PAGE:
writing  signal_to_computer to hardisk
            flush
    }
    then the two events are synchronous!!!


    Am I right?
    If u answer my question, I will surely give reputation to you untill i have no reputation! But i will try to get more reputation, and give it to you lately!

  5. #5
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    Thumbs up Re: At what time i should use cout.flush()

    Yes this seems to be a good analogy.

    Cheers,
    Exterminator.

  6. #6
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    Thumbs up Re: At what time i should use cout.flush()

    I know this thread has been long dead but I recently read about buffers and synchronization here and came to know more about this. Calling flush is one way of causing buffer synchronization. I would qoute the content as:
    Buffers and Synchronization
    When we operate with file streams, these are associated to a buffer of type streambuf. This buffer is a memory block that acts as an intermediary between the stream and the physical file. For example, with an out stream, each time the member function put (write a single character) is called, the character is not written directly to the physical file with which the stream is associated. Instead of that, the character is inserted in the buffer for that stream.
    When the buffer is flushed, all data that it contains is written to the physic media (if it is an out stream) or simply erased (if it is an in stream). This process is called synchronization and it takes place under any of the following circumstances:

    1. When the file is closed: before closing a file all buffers that have not yet been completely written or read are synchronized.
    2. When the buffer is full: Buffers have a certain size. When the buffer is full it is automatically synchronized.
    3. Explicitly with manipulators: When certain manipulators are used on streams a synchronization takes place. These manipulators are: flush and endl.
    4. Explicitly with function sync(): Calling member function sync() (no parameters) causes an immediate syncronization. This function returns an int value equal to -1 if the stream has no associated buffer or in case of failure.

  7. #7
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    Lightbulb Re: At what time i should use cout.flush()

    Quote Originally Posted by walkinginwater
    my respected gurus:
    I am reading some source code, in them the statement cout.flush() appears several times. In the book, I find such explanation "cout.flush() will puts all the pending characters that have been stored in the internal stream buffer but not yet output" I don't understand this sentence, can somebody explain this for me, and tell me at what situation i should use cout.flush()??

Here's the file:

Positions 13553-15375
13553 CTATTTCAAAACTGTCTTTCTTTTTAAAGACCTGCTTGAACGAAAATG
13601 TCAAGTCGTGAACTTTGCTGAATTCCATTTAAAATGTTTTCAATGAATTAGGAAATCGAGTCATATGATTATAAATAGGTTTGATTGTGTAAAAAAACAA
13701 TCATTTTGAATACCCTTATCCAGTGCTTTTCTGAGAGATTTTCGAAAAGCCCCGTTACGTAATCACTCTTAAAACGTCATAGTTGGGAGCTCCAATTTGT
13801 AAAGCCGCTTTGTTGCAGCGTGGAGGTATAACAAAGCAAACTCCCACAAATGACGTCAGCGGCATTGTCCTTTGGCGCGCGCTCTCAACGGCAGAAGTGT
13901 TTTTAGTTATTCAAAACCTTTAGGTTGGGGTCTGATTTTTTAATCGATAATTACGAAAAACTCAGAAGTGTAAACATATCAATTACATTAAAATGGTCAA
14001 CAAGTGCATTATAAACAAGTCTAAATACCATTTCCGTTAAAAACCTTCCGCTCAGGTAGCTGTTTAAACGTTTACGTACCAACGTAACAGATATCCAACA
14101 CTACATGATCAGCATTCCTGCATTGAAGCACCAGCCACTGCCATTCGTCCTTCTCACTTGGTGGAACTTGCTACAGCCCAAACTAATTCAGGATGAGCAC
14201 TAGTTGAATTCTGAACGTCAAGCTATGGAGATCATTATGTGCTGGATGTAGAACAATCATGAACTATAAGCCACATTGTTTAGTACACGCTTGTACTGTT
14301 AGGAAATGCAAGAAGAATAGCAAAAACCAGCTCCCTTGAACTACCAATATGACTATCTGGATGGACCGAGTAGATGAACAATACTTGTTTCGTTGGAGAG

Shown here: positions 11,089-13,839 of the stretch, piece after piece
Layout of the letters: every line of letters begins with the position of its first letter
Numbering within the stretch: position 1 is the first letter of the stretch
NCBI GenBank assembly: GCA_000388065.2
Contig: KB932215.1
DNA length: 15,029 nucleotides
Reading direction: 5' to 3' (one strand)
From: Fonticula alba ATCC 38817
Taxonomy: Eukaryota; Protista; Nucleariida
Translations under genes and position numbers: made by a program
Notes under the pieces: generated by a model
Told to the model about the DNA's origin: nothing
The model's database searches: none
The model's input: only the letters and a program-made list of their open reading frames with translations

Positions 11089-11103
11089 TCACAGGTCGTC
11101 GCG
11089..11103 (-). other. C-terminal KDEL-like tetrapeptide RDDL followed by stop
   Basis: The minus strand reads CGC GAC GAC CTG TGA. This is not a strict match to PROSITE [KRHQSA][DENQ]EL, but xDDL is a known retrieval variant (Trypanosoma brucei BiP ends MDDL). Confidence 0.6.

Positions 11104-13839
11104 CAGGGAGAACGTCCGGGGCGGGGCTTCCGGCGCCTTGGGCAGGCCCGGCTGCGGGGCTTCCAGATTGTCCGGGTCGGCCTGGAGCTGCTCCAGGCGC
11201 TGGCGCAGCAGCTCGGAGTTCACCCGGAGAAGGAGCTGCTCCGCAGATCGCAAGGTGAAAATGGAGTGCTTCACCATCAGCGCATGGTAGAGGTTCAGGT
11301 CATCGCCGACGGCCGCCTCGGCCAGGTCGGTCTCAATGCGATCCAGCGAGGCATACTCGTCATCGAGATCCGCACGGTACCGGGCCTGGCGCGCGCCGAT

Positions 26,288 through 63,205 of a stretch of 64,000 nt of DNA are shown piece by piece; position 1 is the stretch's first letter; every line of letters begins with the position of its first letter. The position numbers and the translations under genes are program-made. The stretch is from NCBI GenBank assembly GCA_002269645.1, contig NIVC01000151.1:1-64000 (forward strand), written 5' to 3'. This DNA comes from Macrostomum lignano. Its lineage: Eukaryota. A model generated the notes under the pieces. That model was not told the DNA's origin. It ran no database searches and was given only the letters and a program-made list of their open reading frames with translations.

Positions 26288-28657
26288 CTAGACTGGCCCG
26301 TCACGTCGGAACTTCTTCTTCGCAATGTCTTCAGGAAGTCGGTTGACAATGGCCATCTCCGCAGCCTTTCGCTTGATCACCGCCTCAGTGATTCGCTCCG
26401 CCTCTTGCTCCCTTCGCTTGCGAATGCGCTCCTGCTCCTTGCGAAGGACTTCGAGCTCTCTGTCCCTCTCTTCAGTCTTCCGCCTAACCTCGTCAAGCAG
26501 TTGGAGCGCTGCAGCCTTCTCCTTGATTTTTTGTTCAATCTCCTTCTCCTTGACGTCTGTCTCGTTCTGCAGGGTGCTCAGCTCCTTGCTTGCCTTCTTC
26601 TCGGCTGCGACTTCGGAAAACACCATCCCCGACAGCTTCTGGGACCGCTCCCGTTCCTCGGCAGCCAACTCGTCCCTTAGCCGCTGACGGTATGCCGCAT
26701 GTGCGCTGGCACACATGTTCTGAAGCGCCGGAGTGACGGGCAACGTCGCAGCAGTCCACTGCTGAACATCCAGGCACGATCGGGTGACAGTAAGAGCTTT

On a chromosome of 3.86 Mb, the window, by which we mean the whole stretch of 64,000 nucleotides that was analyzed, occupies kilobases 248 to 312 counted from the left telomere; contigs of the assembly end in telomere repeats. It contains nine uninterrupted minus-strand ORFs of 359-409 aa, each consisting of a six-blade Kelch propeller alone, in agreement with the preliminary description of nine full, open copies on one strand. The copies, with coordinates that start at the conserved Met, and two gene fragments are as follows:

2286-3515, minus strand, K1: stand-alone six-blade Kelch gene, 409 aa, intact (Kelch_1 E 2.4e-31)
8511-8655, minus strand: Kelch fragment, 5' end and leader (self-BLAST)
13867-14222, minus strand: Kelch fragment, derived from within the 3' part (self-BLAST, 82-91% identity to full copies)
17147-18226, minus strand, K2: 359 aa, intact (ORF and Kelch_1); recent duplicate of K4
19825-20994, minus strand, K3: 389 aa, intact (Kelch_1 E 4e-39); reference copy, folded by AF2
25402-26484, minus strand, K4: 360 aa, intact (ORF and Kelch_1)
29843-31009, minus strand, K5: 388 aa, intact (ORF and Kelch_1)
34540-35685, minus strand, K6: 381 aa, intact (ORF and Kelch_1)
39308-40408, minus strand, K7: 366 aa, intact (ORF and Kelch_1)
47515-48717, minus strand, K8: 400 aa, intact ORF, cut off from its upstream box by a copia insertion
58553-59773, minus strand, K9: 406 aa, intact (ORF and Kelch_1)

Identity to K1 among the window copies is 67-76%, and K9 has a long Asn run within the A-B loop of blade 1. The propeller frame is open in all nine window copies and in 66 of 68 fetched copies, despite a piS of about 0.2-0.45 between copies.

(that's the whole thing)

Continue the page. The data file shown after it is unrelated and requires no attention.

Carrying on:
Thanks very much!
    I think you didn't check MSDN any way here is some stuff.you can found in MSDN also
    Output Stream cout Is Buffered
    Code:
    In an application developed with Microsoft C/C++, the cout stream is 
    buffered. In other words, information sent to the cout stream does not 
    appear on the screen until its buffers are flushed. For Visual C++ versions 
    4.2 and 5.0, this behavior only occurs when using the old iostream libraries. 
    There are four methods to flush the cout buffer, as follows: 
    Use the endl manipulator to insert a newline character into the output 
    stream and flush the buffer. Use the insertion operator with the endl 
    manipulator, as follows: 
    cout << ... << endl;
    						
    Use the flush member function in the ostream class or the flush 
    manipulator. The flush manipulator does not insert a newline character into 
    the stream before it flushes the buffer. To call the flush member function, 
    use code similar to the following: 
    
    cout.flush();
    
    Use the insertion operator with the flush manipulator as follows: 
    cout << ... << flush;
    						
    
    Read from the cin stream or write to the cerr or clog streams. Because 
    these objects share the buffer with cout, each flushes the contents of the 
    buffer before making any changes to it. 
    Exit the program to flush all buffers currently in use.

  8. #8
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    Re: At what time i should use cout.flush()

    Quote Originally Posted by humptydumpty
    Output Stream cout Is Buffered
    Actually, you can control whether or not cout (or any i/o stream, for that matter) is buffered or not using the ios_base::unitbuf flag.

    Code:
    cout.setf(ios_base::unitbuf);      // cout is now unbuffered
    cout.unsetf(ios_base::unitbuf);  // cout is now buffered
    As exterminator correctly pointed out, according to the Standard cout is unbuffered by default.
    Old Unix programmers never die, they just mv to /dev/null